"The authors found that hyperbaric treatment resulted in significant improvements in overall functioning, receptive language, social interaction, and eye contact. These findings were affected by the age of the child, in that children over the age of 5 showed more improvement to the treatment than children under 5. In addition, the treatment did not seem to work for children with an initial ADOS score above 50th percentile. This indicates that the treatment is most effective with children with more severe autism (ADOS score below the 50th percentile).

In general, the study design was strong. The authors made great efforts to make sure that the two treatment conditions were nearly identical. That is, kids in the control condition were exposed to procedures that mimic the real hyperbaric treatment (being inside the chamber, etc). Thus, it is very unlikely that the results observed were due to a placebo effect. The study also moves in the right direction by presenting evidence for the efficacy of treatments that are usually considered controversial or untested. We need more research on alternative treatment interventions that will help us determine which interventions are actually effective."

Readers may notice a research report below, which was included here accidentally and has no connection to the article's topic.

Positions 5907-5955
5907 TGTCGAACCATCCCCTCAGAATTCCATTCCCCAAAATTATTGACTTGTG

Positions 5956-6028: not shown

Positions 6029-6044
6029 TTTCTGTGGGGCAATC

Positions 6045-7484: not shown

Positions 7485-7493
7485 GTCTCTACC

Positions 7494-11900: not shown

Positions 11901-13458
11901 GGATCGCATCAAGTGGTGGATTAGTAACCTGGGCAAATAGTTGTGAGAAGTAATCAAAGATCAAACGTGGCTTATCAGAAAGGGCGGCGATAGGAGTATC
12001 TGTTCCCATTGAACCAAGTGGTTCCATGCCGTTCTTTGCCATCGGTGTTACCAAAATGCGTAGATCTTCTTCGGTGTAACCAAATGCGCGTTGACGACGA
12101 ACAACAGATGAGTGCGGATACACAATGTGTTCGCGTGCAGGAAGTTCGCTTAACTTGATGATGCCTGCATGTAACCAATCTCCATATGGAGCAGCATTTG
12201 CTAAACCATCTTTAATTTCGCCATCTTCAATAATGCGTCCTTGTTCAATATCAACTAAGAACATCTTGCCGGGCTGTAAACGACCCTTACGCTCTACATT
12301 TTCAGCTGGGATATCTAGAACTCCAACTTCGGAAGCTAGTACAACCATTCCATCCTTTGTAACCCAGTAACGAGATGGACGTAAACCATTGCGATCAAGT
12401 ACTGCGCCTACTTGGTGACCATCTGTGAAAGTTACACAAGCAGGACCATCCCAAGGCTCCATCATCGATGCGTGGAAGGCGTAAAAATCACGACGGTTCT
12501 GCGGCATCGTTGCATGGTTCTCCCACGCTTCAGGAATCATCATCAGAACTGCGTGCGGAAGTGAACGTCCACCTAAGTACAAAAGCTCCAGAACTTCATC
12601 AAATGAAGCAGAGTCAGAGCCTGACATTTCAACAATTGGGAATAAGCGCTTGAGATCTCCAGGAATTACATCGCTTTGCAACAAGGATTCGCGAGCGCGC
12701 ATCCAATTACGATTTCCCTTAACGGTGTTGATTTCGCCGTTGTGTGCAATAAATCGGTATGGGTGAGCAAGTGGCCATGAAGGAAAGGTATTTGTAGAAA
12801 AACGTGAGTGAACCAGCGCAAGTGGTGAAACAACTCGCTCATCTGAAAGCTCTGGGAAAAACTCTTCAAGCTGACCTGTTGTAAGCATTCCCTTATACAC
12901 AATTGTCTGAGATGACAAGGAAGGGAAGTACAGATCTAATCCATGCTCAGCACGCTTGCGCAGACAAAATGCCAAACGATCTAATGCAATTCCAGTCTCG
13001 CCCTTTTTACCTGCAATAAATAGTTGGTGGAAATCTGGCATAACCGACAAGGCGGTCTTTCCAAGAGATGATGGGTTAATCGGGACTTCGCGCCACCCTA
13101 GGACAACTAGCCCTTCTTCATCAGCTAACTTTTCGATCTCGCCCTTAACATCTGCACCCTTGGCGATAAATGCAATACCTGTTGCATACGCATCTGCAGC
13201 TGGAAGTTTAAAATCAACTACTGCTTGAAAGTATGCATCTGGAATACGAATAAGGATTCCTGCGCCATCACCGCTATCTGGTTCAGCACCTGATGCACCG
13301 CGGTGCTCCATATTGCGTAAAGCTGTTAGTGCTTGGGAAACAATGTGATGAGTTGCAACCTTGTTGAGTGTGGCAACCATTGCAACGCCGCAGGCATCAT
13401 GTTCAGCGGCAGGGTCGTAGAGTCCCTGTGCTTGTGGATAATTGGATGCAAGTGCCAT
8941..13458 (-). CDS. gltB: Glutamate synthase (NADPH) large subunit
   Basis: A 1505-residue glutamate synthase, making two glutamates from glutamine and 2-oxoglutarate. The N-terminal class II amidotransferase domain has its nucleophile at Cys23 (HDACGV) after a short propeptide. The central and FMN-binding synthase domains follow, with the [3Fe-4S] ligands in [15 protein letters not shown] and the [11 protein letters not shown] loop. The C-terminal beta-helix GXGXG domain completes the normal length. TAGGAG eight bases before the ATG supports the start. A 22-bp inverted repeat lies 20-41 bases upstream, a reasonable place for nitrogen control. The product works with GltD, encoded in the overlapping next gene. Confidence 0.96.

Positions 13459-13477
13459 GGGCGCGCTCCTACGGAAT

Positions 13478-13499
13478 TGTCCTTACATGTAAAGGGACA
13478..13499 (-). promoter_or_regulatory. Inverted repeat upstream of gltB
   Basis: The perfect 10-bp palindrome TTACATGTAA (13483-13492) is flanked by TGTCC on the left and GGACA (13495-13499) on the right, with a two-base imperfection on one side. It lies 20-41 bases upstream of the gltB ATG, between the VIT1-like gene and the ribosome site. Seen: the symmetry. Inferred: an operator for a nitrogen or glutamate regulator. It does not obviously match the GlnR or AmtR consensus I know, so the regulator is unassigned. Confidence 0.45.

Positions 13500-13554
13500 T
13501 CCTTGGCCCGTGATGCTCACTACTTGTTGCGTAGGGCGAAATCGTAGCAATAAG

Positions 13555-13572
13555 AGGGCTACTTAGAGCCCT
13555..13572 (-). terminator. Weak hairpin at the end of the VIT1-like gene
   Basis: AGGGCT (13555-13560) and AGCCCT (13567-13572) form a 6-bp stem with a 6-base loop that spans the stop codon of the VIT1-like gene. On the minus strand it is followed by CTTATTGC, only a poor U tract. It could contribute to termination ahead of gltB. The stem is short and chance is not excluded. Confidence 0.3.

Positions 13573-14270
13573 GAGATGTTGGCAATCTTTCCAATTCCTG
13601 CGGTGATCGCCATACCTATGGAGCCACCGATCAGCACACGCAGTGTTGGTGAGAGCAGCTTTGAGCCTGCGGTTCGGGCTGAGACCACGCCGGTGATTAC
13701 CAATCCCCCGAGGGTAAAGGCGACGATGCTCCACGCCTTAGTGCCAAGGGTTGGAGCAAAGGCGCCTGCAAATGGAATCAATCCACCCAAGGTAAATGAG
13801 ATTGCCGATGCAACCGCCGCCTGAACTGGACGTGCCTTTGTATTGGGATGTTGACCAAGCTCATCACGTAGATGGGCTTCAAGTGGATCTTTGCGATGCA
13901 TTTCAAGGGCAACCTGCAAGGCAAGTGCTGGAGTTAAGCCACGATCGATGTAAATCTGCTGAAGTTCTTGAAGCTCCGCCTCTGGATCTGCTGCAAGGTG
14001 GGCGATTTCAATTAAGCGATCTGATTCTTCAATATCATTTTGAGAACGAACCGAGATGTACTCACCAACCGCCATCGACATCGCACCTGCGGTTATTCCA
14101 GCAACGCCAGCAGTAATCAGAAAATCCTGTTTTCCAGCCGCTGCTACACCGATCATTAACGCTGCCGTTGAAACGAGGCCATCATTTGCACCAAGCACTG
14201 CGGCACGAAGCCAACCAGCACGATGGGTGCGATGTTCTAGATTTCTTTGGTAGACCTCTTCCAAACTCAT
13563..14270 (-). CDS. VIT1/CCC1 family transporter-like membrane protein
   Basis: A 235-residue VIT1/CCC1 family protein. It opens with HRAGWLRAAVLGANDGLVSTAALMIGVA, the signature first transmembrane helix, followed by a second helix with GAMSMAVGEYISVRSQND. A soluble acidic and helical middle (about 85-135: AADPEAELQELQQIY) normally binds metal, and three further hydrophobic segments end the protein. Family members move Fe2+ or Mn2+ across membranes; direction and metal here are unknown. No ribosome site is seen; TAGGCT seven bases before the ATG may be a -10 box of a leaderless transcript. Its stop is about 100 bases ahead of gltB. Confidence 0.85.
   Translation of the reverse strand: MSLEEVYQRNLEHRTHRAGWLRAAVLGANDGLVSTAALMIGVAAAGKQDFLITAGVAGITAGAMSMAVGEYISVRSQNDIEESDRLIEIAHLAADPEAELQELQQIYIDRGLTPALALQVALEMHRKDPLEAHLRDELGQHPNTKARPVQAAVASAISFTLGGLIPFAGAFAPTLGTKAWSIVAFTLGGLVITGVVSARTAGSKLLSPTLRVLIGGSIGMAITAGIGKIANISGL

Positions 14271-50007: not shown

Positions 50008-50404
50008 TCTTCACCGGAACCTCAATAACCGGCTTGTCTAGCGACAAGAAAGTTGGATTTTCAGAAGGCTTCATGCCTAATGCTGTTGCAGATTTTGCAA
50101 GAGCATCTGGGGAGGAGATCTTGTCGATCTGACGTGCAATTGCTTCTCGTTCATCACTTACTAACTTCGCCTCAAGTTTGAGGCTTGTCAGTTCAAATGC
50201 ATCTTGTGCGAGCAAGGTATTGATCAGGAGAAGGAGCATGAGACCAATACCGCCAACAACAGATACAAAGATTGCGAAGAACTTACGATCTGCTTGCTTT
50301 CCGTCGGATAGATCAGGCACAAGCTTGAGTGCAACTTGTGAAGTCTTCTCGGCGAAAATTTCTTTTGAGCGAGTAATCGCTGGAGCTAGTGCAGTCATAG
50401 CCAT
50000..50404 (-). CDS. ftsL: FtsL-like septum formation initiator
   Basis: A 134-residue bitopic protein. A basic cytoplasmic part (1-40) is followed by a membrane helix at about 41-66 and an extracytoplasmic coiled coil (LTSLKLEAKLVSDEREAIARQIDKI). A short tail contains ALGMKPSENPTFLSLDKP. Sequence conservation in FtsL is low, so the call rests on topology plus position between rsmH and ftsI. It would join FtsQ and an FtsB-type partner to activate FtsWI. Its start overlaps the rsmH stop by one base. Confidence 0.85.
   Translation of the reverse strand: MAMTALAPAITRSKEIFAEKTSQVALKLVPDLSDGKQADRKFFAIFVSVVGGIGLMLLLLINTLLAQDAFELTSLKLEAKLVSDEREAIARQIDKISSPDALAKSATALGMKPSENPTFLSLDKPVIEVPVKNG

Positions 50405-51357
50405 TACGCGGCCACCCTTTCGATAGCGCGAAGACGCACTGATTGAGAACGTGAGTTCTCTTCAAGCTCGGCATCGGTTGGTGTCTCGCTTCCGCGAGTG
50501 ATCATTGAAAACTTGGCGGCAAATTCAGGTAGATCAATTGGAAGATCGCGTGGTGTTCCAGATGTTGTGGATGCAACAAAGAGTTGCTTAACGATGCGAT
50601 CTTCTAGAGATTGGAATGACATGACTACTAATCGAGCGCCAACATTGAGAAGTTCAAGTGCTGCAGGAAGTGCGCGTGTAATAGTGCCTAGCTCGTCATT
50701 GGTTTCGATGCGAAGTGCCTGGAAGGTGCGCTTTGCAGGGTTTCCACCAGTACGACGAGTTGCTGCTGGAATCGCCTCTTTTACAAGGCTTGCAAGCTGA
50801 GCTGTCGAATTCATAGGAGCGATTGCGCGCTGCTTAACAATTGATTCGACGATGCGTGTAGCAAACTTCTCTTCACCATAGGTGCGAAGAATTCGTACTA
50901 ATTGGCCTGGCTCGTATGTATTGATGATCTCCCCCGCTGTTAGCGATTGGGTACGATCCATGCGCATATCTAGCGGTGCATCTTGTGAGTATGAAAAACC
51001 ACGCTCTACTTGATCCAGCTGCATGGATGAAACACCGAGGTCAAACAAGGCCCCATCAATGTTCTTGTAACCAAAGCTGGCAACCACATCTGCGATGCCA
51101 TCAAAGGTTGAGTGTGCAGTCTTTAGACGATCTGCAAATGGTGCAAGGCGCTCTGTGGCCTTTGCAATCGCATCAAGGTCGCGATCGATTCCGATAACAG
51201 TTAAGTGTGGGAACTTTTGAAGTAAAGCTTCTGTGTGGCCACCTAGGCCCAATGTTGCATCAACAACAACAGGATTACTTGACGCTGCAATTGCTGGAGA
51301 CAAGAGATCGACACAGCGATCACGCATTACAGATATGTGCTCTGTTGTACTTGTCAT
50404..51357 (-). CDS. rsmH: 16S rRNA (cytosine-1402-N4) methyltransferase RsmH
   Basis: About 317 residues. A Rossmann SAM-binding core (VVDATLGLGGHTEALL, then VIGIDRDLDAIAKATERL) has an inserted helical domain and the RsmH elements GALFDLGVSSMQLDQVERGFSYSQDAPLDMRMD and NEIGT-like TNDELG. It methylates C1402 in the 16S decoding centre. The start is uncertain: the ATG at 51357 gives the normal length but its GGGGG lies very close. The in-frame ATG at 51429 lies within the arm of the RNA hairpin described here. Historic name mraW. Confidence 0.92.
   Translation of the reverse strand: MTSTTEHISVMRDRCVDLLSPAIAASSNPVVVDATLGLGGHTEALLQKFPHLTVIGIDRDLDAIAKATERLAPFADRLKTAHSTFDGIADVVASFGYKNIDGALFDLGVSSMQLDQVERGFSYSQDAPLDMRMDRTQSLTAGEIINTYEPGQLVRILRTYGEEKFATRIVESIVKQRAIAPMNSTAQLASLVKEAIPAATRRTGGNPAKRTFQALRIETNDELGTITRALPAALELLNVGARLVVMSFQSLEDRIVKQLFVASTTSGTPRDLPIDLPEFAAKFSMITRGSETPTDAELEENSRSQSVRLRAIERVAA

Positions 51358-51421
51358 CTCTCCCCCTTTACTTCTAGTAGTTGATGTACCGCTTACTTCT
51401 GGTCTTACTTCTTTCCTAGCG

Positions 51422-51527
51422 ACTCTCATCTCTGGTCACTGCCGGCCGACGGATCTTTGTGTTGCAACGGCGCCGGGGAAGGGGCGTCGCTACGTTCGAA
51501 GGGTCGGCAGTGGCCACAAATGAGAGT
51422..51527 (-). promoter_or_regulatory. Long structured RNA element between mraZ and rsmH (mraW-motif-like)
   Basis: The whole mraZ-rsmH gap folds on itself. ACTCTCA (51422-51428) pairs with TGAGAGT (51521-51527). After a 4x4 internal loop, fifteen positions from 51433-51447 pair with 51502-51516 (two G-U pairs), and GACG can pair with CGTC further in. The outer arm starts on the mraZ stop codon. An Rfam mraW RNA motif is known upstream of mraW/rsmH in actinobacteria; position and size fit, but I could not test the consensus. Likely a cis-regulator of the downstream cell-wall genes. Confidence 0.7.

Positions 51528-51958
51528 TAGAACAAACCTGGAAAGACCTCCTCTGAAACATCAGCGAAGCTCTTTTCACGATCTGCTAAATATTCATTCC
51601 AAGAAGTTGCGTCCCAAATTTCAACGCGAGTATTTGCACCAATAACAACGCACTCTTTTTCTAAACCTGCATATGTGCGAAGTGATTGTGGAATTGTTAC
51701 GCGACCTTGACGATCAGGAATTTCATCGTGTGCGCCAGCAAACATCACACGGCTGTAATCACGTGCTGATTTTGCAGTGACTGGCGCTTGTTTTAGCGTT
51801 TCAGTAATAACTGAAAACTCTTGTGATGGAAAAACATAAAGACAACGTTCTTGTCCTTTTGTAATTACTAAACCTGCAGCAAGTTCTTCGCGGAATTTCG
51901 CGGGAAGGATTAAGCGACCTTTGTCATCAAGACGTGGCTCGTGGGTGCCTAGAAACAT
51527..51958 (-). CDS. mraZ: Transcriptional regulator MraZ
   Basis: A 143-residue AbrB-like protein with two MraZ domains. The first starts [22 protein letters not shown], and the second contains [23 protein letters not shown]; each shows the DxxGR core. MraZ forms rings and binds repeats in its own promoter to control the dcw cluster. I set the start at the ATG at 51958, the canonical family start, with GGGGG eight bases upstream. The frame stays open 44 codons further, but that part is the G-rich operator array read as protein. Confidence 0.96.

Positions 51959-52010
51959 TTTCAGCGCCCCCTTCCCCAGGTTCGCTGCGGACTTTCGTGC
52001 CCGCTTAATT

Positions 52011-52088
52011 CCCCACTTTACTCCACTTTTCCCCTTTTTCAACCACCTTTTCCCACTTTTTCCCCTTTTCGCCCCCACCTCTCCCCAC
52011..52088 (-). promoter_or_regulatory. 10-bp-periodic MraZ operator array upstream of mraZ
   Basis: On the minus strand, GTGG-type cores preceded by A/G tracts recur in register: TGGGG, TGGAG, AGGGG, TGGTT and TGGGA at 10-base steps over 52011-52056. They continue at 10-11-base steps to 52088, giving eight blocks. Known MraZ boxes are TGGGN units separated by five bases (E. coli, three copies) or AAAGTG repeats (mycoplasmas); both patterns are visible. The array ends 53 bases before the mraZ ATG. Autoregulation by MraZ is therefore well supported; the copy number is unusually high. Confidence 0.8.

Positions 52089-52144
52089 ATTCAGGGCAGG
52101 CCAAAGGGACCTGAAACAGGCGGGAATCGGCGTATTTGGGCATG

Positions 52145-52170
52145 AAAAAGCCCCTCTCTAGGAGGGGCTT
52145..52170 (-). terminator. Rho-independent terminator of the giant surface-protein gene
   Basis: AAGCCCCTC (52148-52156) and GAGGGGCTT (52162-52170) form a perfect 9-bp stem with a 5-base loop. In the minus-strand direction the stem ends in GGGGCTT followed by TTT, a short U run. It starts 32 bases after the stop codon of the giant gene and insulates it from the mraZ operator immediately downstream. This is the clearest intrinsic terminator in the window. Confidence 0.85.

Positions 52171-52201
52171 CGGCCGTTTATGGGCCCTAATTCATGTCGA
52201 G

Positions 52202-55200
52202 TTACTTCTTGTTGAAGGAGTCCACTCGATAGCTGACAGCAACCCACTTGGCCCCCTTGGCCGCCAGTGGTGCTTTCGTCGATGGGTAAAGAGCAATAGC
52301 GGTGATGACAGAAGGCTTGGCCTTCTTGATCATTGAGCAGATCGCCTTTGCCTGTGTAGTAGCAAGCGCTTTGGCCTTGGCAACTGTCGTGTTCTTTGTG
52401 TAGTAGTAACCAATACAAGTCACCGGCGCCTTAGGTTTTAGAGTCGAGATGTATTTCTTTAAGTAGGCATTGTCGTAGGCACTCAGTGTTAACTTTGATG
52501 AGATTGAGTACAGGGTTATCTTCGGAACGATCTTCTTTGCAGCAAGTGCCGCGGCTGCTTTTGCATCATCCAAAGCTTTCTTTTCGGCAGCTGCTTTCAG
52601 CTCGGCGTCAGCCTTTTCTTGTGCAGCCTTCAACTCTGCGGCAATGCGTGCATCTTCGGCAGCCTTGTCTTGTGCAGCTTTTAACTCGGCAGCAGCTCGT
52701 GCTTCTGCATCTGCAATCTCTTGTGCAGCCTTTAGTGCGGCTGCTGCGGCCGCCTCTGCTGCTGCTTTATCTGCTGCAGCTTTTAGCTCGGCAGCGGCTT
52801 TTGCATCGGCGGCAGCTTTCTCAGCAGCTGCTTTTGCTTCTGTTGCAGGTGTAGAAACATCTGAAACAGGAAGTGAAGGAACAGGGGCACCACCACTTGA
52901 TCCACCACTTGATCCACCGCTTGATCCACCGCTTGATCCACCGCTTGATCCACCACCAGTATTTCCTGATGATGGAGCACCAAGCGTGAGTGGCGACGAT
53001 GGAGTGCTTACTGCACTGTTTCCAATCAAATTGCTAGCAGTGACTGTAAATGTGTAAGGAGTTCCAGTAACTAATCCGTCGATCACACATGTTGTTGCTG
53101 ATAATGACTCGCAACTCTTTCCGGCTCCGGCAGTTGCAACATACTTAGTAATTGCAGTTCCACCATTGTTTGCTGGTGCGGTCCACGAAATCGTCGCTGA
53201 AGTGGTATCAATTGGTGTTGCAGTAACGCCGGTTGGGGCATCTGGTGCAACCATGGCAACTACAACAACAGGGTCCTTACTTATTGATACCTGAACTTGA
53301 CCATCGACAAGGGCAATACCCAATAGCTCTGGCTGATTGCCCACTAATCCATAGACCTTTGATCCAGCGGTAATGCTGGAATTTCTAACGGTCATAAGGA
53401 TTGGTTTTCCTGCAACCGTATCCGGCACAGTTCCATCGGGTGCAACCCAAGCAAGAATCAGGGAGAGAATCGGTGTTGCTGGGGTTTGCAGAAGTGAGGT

By contrast to the objective, informed "translation" by Lopez-Duran of the Rossignol HBOT study, Autism Hub and Neurodiversity commentators simply mock this and any other study which suggests that an autistic child might benefit from a specific treatment for autism. The reason for the knee jerk, lock step reaction of AH-ND members to studies of autism treatments is simple - they are anti-cure, anti-treatment. They do not want to be treated for their autism, or do not want THEIR loved ones with autism treated, and they do not believe that parents and other caregivers should be permitted to treat or cure autism in their own autistic loved ones or patients. Any study which purports to show the effectiveness of an autism treatment is anathema to them. (Hence the hostility by AH-ND bloggers towards ABA, parents seeking ABA for their own children, and ABA practicioners).